By Hunter Richards
With three established ice cream shops competing for customers in Princeton, it raises the question: Which one is getting the cold shoulder?
The newest of the trio is The Bent Spoon in Palmer Square. Founded in 2004, the store is known for its constantly changing creative flavors—it’s had over 500 in its history.
“I think people want to try unique flavors and they’ve heard about us and that we’re good,” said one of the store’s managers and owners, Gabrielle Carbone.
The smallest of Princeton ice cream stores, Bent Spoon has only minimal seating for customers. “I think it makes it cozy,” Carbone said. She also said the store is especially proud of its organic ingredients. “The goal is to be able to have a place where people can make really good memories with really good ingredients,” she explained.
On a recent afternoon, one customer, Christine Meriz, said, “I come here way too often, according to my wallet—and my waistline.” Meriz added, “I have a four-year-old daughter who loves this place. She loves that they’re different.”
A two-minute walk away, which isn’t enough to work off the calories from the ice cream, is a store with a very dissimilar identity. Unlike Bent Spoon, Halo Pub offers the same flavors at all times, as well as lower prices. One customer, Peter, explained the difference this way: “Bent Spoon is excellent quality but too expensive . . . Both are excellent places but I just prefer here.” When asked if the quality difference made up for the price difference, he said, “It’s not worth the difference between here and there.”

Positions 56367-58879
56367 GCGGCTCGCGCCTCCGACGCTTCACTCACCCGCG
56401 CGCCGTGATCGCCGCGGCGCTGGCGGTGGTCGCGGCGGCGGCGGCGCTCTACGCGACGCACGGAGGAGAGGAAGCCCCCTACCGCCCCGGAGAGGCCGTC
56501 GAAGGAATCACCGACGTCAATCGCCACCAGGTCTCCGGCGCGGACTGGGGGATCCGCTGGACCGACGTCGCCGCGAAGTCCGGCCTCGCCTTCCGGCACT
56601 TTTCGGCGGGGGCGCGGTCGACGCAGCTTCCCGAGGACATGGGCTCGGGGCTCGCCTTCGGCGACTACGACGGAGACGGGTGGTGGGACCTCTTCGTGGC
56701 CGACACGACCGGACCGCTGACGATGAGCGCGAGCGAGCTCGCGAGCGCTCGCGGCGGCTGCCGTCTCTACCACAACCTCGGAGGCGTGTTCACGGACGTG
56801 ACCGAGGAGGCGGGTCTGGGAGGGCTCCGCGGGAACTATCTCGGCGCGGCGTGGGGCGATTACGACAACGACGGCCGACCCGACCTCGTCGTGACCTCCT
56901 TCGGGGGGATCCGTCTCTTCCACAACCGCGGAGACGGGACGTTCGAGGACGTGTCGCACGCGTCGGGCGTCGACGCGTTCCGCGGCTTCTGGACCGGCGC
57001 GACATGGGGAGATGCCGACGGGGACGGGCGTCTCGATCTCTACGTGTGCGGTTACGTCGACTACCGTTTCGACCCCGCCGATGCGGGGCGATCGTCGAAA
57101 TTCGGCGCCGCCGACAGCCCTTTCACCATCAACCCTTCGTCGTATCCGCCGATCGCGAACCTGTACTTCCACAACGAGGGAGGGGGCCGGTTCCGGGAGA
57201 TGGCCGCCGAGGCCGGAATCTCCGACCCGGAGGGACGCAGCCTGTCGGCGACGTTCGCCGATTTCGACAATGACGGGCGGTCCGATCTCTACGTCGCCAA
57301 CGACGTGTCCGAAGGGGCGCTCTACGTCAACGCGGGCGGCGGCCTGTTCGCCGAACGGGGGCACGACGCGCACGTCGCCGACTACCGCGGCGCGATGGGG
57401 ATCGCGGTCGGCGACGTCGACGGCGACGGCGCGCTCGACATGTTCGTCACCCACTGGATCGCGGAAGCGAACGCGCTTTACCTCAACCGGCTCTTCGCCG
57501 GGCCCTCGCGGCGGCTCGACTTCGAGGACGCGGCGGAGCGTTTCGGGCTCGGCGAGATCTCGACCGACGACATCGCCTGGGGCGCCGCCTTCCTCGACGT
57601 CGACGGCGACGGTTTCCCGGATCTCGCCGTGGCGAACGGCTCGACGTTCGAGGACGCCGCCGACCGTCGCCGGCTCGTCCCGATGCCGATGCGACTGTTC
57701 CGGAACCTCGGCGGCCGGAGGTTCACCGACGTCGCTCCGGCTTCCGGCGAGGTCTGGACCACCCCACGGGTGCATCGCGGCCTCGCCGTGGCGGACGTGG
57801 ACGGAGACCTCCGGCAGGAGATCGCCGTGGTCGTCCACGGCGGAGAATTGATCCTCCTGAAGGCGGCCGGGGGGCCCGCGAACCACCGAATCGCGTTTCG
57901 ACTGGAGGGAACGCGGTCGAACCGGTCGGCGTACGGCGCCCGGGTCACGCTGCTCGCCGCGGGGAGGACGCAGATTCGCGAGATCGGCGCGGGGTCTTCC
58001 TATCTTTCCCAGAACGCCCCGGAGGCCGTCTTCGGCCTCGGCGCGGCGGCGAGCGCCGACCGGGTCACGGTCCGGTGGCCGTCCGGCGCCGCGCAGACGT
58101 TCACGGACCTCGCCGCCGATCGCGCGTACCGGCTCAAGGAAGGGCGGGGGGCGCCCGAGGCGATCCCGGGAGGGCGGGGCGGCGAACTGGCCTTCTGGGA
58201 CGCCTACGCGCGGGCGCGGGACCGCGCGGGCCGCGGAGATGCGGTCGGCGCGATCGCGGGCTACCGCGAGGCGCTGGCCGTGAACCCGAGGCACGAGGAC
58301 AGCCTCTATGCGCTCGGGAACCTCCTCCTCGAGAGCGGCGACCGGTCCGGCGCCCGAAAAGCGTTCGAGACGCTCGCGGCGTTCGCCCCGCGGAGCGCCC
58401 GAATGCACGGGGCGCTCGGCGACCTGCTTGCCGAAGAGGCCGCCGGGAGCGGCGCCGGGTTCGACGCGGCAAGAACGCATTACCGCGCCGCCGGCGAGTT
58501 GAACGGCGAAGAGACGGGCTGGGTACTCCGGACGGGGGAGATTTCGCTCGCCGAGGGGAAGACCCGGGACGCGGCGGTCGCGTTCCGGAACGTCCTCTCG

Halo manager Antoine Newlin said that he thought the main factors attracting his customers are “affordability and family-friendly atmosphere. All our flavors are all natural—no artificial flavors, sugars, anything like that.” He added, “We’ve got a lot of regulars. A lot of students and a lot of families. With our prices, they’re able to afford us.”
A bit further away—a 10-minute walk from both locations and closer to campus—is Princeton’s oldest ice cream shop, Thomas Sweet. “It’s closer to where I am,” said Princeton graduate student and customer Cesar Perez, explaining his choice. He said he often sees other students when he stops in. “It’s pretty nice,” he added. “It’s very familiar.”
Walking into the store—where flavors are mostly determined by popular demand and suggestions by customers—one is immediately faced with a bright mural of people enjoying ice cream on the wall. Opposite the mural, one can see a picture of Albert Einstein licking an ice cream cone. Next to Einstein is a funhouse mirror.
Manish Rai, the father of children enamored by their curving shapes projected in the mirror, brought his family to Thomas Sweet for ice cream while on a campus tour for his son. Rai said, “I like it so far.” He continued, with a laugh, “I think the kids really like the mirror and it’s inviting.”
Said another customer, Michelle Klein, “Usually, it’s families here and college kids.”
Some ice cream businesses can’t withstand competition, yet Princeton’s three main establishments have managed to thrive by retaining their own unique identities. For Bent Spoon, Halo Pub and Thomas Sweet, these identities have been enough to avoid melting under the pressure from one another.